At 20,000 meters, I use the action group keys to toggle on the rocket engine and toggle off the jet engines. I then start increasing the gravity turn to 45 degrees and beyond, keeping the apoapsis point safely ahead of the ship in the Map view. The jet engines are dead weight for the rest of the flight, but they apparently have helped enough to make this worth it.

Here are two views of the SSTO ship in orbit at 105 km. The ship can reach a circular orbit of 500 km altitude and still have enough fuel to deorbit. But that would use up almost all of the fuel onboard, and your only landing option at that point would be to use the parachutes.

From a low orbit, the ship has enough fuel that it can return and land on its legs using rocket power. I let MechJeb target the ship into KSC, and then either MechJeb or I can land it on its flame.

Dilger can easily handle the ladders, which is good since a fall from that distance would be deadly. This particular landing was from a 105 km orbit, and the ship still had 86 units of fuel left after landing. It typically takes about 35 units of fuel to deorbit the ship and target it for the KSC.

If the ship goes out to a 500 km orbit, or if it carries a substantial payload into orbit, then landing on rocket power is not an option. In the picture below, the SSTO is lifting a small refueling pod into orbit. The refueling pod is made up of a FL-T200 tank, a FL-R25 RCS tank, a QBE probe core, two small solar panels and a battery pack to power the probe core, RCS thrusters for maneuvers, and docking ports on each end. The SSTO ship can put this refueling pod into a 125 km orbit and have enough fuel left over to return for a parachute landing.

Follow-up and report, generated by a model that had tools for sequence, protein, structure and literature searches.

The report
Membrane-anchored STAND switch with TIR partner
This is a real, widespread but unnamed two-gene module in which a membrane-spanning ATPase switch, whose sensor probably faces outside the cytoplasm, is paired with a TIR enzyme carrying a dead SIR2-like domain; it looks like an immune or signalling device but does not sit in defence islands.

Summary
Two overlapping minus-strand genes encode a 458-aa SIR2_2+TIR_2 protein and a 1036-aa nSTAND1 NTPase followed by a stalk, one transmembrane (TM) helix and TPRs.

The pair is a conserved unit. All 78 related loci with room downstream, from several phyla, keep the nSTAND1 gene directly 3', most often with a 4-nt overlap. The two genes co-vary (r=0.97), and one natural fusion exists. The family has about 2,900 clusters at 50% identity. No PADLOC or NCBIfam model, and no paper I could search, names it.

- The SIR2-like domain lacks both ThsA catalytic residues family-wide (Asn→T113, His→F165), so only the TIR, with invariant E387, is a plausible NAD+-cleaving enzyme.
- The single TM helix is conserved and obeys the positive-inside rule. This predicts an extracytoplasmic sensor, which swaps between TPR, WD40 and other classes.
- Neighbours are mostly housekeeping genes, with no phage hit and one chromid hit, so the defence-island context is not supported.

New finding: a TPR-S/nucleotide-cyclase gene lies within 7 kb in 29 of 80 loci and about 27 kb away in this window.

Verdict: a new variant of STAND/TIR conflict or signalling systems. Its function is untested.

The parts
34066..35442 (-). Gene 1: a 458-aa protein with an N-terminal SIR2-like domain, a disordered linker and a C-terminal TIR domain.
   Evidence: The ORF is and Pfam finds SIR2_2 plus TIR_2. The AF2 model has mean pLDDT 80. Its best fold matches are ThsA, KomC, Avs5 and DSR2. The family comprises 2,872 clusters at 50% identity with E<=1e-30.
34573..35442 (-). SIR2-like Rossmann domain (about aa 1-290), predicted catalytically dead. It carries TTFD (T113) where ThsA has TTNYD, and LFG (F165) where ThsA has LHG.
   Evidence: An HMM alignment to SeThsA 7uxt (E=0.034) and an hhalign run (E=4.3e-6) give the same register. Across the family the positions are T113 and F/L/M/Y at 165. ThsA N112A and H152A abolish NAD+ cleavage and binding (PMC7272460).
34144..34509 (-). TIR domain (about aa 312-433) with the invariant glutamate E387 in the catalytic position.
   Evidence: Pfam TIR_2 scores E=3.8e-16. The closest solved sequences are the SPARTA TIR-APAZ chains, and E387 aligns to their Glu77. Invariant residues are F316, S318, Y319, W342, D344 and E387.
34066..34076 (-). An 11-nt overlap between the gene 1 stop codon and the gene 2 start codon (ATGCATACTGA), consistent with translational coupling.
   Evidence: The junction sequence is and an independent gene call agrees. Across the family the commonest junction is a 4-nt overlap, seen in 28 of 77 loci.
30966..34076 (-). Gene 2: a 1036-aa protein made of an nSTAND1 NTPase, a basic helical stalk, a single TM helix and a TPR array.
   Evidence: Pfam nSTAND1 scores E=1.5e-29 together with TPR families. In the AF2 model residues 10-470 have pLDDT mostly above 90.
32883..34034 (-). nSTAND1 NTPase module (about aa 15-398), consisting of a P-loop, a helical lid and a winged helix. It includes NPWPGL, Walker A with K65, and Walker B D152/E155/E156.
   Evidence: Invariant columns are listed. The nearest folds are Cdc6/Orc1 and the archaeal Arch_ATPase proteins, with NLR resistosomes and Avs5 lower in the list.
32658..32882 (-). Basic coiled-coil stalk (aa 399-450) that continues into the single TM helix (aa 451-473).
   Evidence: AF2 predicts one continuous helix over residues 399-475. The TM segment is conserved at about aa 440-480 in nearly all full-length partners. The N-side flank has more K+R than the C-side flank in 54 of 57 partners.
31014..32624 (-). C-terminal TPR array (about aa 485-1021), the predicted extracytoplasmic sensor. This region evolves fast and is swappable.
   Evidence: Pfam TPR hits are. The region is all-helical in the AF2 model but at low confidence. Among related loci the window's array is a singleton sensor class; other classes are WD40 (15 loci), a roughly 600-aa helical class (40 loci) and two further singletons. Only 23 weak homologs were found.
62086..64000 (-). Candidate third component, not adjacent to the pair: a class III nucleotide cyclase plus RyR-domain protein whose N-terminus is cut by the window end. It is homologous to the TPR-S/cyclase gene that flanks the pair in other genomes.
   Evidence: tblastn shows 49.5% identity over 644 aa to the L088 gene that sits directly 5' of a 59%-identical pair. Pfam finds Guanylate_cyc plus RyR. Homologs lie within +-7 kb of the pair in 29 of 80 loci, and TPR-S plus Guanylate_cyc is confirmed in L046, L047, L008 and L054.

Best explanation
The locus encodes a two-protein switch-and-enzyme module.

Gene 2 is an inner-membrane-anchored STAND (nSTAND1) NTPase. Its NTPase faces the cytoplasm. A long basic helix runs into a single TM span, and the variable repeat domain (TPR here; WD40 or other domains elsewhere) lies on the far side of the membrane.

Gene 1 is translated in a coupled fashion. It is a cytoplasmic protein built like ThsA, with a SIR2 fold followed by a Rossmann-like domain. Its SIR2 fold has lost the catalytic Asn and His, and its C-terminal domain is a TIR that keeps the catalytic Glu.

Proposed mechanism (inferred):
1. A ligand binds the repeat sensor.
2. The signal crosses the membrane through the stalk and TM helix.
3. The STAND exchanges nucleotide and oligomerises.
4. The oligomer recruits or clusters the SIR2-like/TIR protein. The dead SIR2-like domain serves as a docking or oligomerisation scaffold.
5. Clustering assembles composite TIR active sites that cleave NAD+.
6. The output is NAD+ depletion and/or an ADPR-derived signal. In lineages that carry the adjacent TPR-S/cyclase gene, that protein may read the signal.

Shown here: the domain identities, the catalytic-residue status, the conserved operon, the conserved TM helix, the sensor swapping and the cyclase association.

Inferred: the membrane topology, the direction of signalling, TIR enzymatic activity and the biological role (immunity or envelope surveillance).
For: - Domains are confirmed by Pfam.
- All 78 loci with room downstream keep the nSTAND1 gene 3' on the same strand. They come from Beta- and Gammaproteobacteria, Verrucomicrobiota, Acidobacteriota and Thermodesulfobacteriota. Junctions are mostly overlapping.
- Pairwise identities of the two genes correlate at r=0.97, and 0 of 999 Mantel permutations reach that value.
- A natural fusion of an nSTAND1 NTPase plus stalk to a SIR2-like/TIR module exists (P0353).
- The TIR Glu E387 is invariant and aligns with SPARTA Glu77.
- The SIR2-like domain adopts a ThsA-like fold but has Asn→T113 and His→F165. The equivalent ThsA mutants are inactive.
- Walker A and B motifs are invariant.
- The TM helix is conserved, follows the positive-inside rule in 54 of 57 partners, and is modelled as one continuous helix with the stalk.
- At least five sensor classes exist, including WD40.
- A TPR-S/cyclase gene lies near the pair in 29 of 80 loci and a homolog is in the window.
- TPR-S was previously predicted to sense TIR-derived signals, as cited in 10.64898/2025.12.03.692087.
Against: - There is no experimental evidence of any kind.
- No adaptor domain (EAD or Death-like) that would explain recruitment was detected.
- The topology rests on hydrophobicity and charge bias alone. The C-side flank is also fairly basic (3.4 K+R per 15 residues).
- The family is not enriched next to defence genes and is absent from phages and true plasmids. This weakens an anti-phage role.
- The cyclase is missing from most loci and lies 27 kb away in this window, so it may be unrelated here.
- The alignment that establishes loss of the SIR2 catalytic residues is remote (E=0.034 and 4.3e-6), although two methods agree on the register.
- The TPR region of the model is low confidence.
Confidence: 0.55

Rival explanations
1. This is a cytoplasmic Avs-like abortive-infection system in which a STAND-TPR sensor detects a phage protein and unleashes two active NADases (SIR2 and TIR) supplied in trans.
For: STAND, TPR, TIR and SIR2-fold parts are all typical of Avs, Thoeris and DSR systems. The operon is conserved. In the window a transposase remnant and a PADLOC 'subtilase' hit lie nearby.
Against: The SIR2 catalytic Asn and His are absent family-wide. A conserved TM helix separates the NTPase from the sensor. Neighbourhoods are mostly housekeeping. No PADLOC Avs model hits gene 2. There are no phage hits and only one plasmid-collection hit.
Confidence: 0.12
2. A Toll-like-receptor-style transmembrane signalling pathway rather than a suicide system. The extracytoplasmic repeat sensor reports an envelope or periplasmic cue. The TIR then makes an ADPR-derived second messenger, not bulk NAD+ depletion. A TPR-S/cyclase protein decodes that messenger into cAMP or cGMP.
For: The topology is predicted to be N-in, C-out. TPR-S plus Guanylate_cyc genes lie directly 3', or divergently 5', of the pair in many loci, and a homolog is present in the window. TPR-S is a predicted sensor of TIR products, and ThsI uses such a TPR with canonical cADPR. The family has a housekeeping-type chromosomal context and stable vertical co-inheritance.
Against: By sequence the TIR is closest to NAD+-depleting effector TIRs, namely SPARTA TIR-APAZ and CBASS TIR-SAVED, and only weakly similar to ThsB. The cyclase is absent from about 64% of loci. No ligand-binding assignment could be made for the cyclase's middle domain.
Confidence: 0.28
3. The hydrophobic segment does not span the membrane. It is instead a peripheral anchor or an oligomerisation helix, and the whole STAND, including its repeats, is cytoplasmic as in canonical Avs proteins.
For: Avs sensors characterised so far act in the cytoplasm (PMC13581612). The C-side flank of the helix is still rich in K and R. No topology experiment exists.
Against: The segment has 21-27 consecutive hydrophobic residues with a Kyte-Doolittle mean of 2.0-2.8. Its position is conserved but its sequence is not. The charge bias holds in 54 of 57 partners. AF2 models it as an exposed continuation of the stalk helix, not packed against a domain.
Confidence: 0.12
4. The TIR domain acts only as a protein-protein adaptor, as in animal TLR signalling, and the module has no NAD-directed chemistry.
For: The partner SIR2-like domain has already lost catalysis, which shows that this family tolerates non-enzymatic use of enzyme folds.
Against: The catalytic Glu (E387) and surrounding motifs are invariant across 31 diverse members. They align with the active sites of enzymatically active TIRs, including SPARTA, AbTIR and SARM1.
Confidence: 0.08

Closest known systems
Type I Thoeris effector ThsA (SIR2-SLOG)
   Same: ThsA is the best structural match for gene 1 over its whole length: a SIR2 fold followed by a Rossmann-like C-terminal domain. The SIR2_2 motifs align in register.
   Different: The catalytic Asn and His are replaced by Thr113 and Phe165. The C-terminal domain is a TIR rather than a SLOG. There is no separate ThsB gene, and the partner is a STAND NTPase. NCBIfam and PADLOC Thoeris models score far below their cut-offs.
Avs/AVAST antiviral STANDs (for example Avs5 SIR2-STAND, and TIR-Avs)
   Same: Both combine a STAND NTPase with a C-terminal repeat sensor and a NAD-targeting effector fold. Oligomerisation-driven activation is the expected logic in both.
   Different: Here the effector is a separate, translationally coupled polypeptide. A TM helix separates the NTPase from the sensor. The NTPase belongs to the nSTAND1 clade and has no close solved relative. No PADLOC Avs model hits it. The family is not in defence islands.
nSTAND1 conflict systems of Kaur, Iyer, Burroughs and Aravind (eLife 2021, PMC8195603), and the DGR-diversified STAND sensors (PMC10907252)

When making a parachute landing, the two chutes that are mounted at the top end of the main fuel tank are deployed first. The timing of this deployment depends on whether the targeting for the landing location appears to be going a little long (deploy early) or short (deploy late). Do NOT deploy the two parachutes on the capsule yet. If you deploy all four chutes high up, the force of full-deployment at 500 meters can pull the ship apart. The pilot will survive on the two capsule chutes, and the lower part of the ship can probably also survive on its two chutes, but it looks embarrassing on the Kerbal Nightly News.

When the ship reaches 500 meters AGL, the chutes will fully open. Then the two chutes on the capsule can also be deployed to help slow the descent. And now would be a good time to lower the landing gear. If you have some fuel left, you can use the rocket engine to brake to a gentle landing. But be careful not to slow to a stop in the air, or your chutes will vanish... and then you better hope you have enough fuel to complete the landing on the engine flame. I've cleverly had to do this few times.

And while precision in landing is a great thing, you CAN get a little too close to the launch pad. In the flight shown below, the ship came down near the edge of the launch pad structure...

...and barely managed to not tip over. This was the closest Dilger came to getting blown up in this series of test flights.